Using rough math, this room is three quarters the size of a twenty five by twenty five classroom, yet it seats the same twenty four students, a seating density of about nineteen and one half square feet per student. This seating density represents about 115% (22.5/19.5) of the seating density cited earlier for the SINGLE side wall access room utilizing three rows of five rectangular tables pushed against one side and 133% (26/19.5) of the seating density for the double sided aisle example cited earlier.

Referring to FIG. 7, a classroom 101 is shown which has a nominal seating area 103 of about twenty five feet wide by about twenty five feet deep. Unlike FIGS. 5 and 6 which had a dedicated five foot deep lecture area, FIG. 7 illustrates the possibility of the elimination of the lecture area and the use of an additional table 21 placed at the center of a forward most curving row of tables 21 to serve as lecture table 105.

FIG. 7 illustrates that the tables 21 can be placed into curving rows which can approximate the curved seating style of a lecture hall. The rear sides of the adults sitting at adjacent tables would have seat rear corners that would either touch or come close to touching. However, the additional area needed for the lecture area is eliminated.

In the earlier examples utilizing rectangular tables, the square footage per adult ranged from 26 square feet to twenty two and one half square feet. Arranged as in FIG. 7, the same six hundred and twenty five square foot room will accommodate thirty six students, increasing the seating capacity from 24, using rectangular tables, to thirty six students, an increase of ( 36/24) 150%. The seating density of this room, arranged as inn FIG. 7, would be about ( 625/36) or seventeen and one half square feet per student. This represents an increase in seating density of from (22½/17.5) 129% to (26/17.5) 149% over the traditional linear arrangements of rectangular tables cited earlier.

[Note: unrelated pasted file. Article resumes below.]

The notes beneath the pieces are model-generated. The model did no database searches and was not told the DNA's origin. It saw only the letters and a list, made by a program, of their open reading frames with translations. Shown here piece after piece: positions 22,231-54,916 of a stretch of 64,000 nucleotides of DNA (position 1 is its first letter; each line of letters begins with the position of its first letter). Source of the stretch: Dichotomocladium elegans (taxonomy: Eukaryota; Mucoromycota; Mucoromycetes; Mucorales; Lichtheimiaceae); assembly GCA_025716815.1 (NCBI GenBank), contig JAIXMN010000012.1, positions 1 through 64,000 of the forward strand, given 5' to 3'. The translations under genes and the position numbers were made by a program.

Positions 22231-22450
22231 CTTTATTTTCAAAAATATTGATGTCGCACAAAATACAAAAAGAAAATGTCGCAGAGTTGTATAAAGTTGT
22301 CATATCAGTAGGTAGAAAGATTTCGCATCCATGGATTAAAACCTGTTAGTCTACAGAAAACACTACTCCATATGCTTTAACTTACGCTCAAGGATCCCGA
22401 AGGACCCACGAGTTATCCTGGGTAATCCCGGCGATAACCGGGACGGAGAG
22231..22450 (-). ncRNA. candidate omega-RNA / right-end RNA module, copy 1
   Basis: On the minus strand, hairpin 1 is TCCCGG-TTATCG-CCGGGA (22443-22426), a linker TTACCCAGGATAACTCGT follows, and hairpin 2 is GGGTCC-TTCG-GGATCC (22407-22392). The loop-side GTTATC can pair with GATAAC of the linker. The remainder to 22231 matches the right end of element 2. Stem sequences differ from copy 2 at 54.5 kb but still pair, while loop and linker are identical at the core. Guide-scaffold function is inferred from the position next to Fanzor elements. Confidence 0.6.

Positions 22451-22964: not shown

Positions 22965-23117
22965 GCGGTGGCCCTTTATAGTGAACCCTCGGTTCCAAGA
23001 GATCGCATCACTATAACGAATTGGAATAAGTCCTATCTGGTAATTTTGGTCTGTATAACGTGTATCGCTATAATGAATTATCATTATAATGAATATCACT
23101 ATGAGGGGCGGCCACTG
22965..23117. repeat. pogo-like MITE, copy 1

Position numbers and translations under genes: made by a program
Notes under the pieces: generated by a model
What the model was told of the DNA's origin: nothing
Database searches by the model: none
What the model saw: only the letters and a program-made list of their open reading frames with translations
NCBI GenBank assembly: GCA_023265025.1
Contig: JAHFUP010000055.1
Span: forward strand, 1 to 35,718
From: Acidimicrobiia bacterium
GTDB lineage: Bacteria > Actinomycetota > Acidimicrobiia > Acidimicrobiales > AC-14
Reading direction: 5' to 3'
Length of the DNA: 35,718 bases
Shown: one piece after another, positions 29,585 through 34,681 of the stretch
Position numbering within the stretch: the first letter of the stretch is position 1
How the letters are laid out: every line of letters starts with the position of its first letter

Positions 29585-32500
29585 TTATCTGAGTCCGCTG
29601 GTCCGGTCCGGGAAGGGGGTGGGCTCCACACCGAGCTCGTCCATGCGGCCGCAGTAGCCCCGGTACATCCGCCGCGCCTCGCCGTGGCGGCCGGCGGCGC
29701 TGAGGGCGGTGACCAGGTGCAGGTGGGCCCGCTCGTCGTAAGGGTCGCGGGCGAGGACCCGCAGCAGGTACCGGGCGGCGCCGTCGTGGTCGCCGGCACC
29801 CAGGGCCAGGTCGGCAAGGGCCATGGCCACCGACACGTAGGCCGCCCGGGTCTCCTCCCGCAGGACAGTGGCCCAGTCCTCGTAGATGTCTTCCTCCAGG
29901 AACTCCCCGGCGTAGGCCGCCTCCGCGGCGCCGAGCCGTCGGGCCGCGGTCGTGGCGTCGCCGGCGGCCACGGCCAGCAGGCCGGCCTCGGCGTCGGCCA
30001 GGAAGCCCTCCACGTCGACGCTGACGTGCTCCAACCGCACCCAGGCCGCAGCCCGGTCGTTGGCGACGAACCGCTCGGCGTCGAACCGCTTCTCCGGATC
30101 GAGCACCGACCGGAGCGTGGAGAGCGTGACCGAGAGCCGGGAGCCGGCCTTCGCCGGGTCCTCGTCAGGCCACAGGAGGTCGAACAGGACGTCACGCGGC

One difference between the examples of the conventional rectangular table and the efficiencies of FIGS. 5 and 6 is the elimination of the five foot by twenty-five foot lecture spaces 87 and 97 in the configuration shown in FIG. 7. With this factor in mind, the thirty six adults seated in the configuration of FIG. 7 save 125/36=3.47 square feet per adult by moving the lecture area and associated table 105 within the confines of the nominal seating area. By incorporating this concept of embedding the lecture space int the seating area a room with the configuration of FIG. 6 would realize an additional space of savings of (18 by 5) or ninety square feet, or 3.75 square feet per student. This incorporation would bring the least configuration of FIG. 6 down to (19.5-3.75) about fifteen and three quarters square feet per student, representing a space savings over the rectangular table case of about (22.5/15.75) 145% efficiency savings.

In cases where larger rooms are available, the layout seen in FIGS. 5 and 6 should be duplicated to the extent possible with greater depth rooms by adding an additional center line table 21 and a pair of opposing side tables 21. FIG. 5 can thus be thought of has having a standard row of a pair of outside tables 21 angled at about forty five degrees with respect to the first main longer side 23 directed perpendicular to the lecture area 87.